The deluge of new containership deliveries continues, the extra capacity driving down freight rates and prompting carriers to improvise new strategies as they face a depressing financial outlook .

According to Clarksons Research data, the container fleet will have grown by 7.3% by the end of the year, almost double the average of the previous four years, and next year this number is barely better, at 6.6%.

If the few carriers to have reported their results are anything to go by, the half-year results will have been a bloodbath. CMA CGM saw ebitda from its shipping activities plunge by 75% in Q2; this was on the back of crashing rates, which fell, from an average of $2,850 per teu in Q2 22, to $1,491.

Similarly, Ocean Network Express (ONE) saw its average rate fall to $1,333 per teu from $3,068 in Q2 22.

This more than halved the Japanese carrier’s revenue, to $3.8bn from $9bn the previous year, even though volumes lifted were comparatively stable. As a result, ONE’s headline figure was a precipitous drop in net income of 91%, from $5.4bn in Q2 22 to just $513m in Q2 23.

It said: “Further shifts in the market are expected as transport demand and trade patterns continue to alter, creating an uncertain outlook, which is difficult to predict. Under these circumstances, it is extremely difficult to announce a reasonable business forecast.”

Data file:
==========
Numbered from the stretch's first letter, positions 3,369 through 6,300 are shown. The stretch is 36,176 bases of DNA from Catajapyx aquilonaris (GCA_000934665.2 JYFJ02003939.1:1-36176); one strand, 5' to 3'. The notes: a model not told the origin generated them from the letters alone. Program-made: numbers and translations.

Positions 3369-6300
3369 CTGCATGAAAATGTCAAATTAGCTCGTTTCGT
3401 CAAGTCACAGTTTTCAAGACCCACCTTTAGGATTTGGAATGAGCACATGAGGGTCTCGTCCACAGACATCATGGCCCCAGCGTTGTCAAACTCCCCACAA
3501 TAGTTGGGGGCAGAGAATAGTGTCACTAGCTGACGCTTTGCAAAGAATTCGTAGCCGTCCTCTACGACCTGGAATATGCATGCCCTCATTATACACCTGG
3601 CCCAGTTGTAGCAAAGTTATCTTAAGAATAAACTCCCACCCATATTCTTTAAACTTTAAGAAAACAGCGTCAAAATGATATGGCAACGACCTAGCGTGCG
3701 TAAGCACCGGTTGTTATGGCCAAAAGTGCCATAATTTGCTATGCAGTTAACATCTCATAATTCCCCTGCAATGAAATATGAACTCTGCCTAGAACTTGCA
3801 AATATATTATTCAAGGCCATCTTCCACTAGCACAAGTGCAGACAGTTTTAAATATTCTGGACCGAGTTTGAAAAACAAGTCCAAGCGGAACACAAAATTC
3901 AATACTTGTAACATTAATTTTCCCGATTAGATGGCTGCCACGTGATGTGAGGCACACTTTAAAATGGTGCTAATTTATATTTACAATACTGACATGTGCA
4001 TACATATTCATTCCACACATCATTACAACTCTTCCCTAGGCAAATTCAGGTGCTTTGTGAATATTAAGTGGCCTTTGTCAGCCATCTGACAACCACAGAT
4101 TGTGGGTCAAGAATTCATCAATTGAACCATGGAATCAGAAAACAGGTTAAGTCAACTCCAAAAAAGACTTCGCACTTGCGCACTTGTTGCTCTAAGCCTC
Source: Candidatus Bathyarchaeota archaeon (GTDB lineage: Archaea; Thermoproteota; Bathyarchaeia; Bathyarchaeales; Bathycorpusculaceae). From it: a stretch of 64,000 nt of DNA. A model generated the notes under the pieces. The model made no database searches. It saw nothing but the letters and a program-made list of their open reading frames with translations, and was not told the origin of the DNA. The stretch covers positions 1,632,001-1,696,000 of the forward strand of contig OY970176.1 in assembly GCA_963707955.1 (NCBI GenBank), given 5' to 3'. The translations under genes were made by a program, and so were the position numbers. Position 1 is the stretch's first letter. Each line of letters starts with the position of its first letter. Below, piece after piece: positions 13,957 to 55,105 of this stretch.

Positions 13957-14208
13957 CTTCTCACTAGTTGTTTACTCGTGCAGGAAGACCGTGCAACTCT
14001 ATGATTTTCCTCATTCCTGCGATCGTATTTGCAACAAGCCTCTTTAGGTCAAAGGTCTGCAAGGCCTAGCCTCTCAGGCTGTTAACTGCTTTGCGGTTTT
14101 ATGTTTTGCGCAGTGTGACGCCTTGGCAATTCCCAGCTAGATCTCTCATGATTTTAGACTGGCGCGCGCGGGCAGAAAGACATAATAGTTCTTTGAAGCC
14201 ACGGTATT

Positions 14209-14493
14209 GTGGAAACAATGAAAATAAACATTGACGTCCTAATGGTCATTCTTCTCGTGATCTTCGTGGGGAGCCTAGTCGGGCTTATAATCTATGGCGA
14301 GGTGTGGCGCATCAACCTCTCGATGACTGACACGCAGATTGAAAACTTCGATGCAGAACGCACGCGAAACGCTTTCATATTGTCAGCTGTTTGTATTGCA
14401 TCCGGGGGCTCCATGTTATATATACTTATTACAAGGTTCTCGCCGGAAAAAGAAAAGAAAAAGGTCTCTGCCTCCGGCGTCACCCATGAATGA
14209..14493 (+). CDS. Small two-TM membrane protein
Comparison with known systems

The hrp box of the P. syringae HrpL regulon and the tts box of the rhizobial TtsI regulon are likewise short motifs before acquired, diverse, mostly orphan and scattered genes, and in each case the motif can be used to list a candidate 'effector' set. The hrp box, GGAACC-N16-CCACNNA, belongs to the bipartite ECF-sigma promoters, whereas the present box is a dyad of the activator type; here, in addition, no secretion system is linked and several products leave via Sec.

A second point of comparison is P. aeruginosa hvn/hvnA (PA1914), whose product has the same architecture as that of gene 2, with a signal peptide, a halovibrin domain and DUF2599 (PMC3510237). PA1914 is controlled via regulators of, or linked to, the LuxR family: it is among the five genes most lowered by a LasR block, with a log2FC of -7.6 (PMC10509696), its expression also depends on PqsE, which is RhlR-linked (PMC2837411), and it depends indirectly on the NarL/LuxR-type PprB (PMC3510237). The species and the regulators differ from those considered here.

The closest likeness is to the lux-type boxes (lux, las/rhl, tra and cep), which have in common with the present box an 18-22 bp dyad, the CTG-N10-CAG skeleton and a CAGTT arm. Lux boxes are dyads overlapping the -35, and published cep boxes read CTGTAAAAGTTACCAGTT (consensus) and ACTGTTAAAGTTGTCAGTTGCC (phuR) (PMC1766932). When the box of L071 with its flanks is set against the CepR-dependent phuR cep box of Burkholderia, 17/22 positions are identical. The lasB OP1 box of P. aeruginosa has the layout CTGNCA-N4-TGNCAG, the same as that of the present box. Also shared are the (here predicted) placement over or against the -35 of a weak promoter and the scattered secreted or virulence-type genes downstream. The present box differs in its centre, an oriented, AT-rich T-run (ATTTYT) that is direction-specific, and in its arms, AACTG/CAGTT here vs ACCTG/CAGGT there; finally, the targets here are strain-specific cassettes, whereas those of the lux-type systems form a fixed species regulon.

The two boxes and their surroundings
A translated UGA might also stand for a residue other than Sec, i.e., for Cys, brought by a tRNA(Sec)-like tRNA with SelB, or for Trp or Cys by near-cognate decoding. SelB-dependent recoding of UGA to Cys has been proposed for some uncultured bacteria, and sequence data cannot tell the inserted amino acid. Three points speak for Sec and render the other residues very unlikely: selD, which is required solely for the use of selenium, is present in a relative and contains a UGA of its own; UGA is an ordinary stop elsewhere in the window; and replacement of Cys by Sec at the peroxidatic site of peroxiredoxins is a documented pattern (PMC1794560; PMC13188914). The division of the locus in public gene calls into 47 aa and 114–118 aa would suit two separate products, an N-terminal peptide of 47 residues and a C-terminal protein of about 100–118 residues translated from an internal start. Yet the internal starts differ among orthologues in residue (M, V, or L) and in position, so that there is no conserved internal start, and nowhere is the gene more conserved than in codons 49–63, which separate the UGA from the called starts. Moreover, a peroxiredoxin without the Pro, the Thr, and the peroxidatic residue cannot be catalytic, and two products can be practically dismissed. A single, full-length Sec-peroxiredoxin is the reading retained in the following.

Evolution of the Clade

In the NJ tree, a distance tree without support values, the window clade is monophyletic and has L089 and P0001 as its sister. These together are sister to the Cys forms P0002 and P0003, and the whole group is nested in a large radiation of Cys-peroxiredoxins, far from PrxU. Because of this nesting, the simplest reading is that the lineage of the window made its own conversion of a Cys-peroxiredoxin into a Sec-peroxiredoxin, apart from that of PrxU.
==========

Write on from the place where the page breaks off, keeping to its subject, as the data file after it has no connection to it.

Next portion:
However, today, Drewry’s World Container Index reported a modest increase over the previous weeks. The WCI composite index climbed to $1,761 per feu, which, though paltry compared with early August 2022, is its highest level since early May. But, added Drewry, this is still still below the average of the past decade of $2,684, “indicating a return to more normal prices”, although rates are still higher than the 2019 pre-pandemic average of $1,420.

According to Xeneta’s latest analysis, a gulf has opened between carrier and forwarder rates, which is much more pronounced in the long-term prices, where the latter are notably cheaper than carriers.

It said: “Although a steep Q2 rate fall of 39.6% shrank the spread between the two to just under $1,000 per feu, freight forwarder pricing remains more attractive in purely financial terms.”

However, analysis by Platts on Monday offered some encouragement, suggesting retail inventories, high at the beginning of the year, to the chagrin of carriers and forwarders, were diminishing, meaning a gentle increase in utilisation rates could be expected as customers replenished stocks.

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